Pharmacological FGF21 signals to glutamatergic neurons to enhance leptin action and lower body weight during obesity

Kristin E. Claflin, Andrew I. Sullivan, Meghan C. Naber, Kyle H. Flippo, ... Matthew J. Potthoff


Fibroblast growth factor 21 (FGF21) is a peripherally-derived endocrine hormone that acts on the central nervous system (CNS) to regulate whole body energy homeostasis. Pharmacological administration of FGF21 promotes weight loss in obese animal models and human subjects with obesity. However, the central targets mediating these effects are incompletely defined.


To explore the mechanism for FGF21's effects to lower body weight, we pharmacologically administer FGF21 to genetic animal models lacking the obligate FGF21 co-receptor, β-klotho (KLB), in either glutamatergic (Vglut2-Cre) or GABAergic (Vgat-Cre) neurons. In addition, we abolish FGF21 signaling to leptin receptor (LepR-Cre) positive cells. Finally, we examine the synergistic effects of FGF21 and leptin to lower body weight and explore the importance of physiological leptin levels in FGF21-mediated regulation of body weight.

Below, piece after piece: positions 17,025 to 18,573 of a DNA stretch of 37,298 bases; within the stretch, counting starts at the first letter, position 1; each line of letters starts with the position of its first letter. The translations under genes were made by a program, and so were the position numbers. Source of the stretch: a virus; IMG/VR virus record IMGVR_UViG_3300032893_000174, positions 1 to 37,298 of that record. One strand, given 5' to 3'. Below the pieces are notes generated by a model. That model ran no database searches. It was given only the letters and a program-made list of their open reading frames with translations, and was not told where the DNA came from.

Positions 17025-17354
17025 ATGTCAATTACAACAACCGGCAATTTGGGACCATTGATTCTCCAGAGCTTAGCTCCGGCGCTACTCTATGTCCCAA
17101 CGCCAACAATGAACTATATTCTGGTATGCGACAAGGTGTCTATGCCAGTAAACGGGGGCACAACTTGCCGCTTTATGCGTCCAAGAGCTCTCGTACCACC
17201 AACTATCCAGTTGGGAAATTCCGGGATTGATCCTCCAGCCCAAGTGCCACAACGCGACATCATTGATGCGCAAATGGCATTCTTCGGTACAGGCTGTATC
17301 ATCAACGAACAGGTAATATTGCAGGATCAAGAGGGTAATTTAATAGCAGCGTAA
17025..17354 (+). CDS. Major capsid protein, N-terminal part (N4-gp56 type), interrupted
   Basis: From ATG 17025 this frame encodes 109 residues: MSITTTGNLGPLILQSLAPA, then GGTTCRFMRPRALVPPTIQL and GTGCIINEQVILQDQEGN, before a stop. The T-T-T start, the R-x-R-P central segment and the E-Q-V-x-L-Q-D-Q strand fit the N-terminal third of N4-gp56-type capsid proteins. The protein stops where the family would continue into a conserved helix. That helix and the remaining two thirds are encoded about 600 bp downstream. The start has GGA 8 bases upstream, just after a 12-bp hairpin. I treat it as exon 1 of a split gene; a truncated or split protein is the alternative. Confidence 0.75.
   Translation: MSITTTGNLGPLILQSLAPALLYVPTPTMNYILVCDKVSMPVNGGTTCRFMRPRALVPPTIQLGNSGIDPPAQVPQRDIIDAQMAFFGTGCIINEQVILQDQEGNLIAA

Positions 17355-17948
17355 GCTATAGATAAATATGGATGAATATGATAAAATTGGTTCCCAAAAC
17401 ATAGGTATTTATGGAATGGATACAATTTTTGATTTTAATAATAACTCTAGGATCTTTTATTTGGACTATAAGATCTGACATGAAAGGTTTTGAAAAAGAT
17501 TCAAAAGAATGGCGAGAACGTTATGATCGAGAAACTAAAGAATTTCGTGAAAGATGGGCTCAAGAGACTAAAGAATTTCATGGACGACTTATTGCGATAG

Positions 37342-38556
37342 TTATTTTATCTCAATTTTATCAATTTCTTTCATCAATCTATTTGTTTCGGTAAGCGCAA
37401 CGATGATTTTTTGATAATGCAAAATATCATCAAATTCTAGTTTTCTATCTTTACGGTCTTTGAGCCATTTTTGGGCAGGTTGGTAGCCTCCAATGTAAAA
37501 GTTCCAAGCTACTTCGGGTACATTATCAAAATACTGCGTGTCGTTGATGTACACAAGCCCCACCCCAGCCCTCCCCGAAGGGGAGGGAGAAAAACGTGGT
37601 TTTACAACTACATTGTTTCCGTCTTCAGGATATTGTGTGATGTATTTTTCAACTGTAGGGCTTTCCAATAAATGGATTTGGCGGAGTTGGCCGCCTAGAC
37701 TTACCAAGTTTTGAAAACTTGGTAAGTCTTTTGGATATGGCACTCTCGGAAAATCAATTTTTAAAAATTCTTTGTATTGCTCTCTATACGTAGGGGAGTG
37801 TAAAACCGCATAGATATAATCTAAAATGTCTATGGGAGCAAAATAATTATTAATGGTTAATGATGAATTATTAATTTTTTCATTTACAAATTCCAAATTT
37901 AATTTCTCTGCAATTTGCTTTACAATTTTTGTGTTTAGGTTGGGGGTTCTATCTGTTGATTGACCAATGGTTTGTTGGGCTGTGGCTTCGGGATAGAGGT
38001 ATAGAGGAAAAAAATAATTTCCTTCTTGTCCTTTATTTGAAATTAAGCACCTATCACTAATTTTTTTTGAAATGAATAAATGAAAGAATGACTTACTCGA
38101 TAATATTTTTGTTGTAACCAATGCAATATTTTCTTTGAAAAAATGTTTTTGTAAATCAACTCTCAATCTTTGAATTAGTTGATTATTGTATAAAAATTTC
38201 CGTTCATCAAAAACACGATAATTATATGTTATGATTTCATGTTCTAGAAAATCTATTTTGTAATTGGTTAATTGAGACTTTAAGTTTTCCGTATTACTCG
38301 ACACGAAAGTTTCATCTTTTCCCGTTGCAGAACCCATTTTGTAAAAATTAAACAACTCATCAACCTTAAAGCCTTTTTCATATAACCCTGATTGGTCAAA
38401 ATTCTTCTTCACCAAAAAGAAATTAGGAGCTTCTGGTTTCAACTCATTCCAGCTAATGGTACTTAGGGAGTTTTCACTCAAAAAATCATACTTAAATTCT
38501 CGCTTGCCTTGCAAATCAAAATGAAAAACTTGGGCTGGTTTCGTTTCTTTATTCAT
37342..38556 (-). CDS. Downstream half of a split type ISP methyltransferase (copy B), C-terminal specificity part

Here we show that FGF21 signaling to glutamatergic neurons is required for FGF21 to modulate energy expenditure and promote weight loss. In addition, we demonstrate that FGF21 signals to leptin receptor-expressing cells to regulate body weight, and that central leptin signaling is required for FGF21 to fully stimulate body weight loss during obesity. Interestingly, co-administration of FGF21 and leptin synergistically leads to robust weight loss.


These data reveal an important endocrine crosstalk between liver- and adipose-derived signals which integrate in the CNS to modulate energy homeostasis and body weight regulation.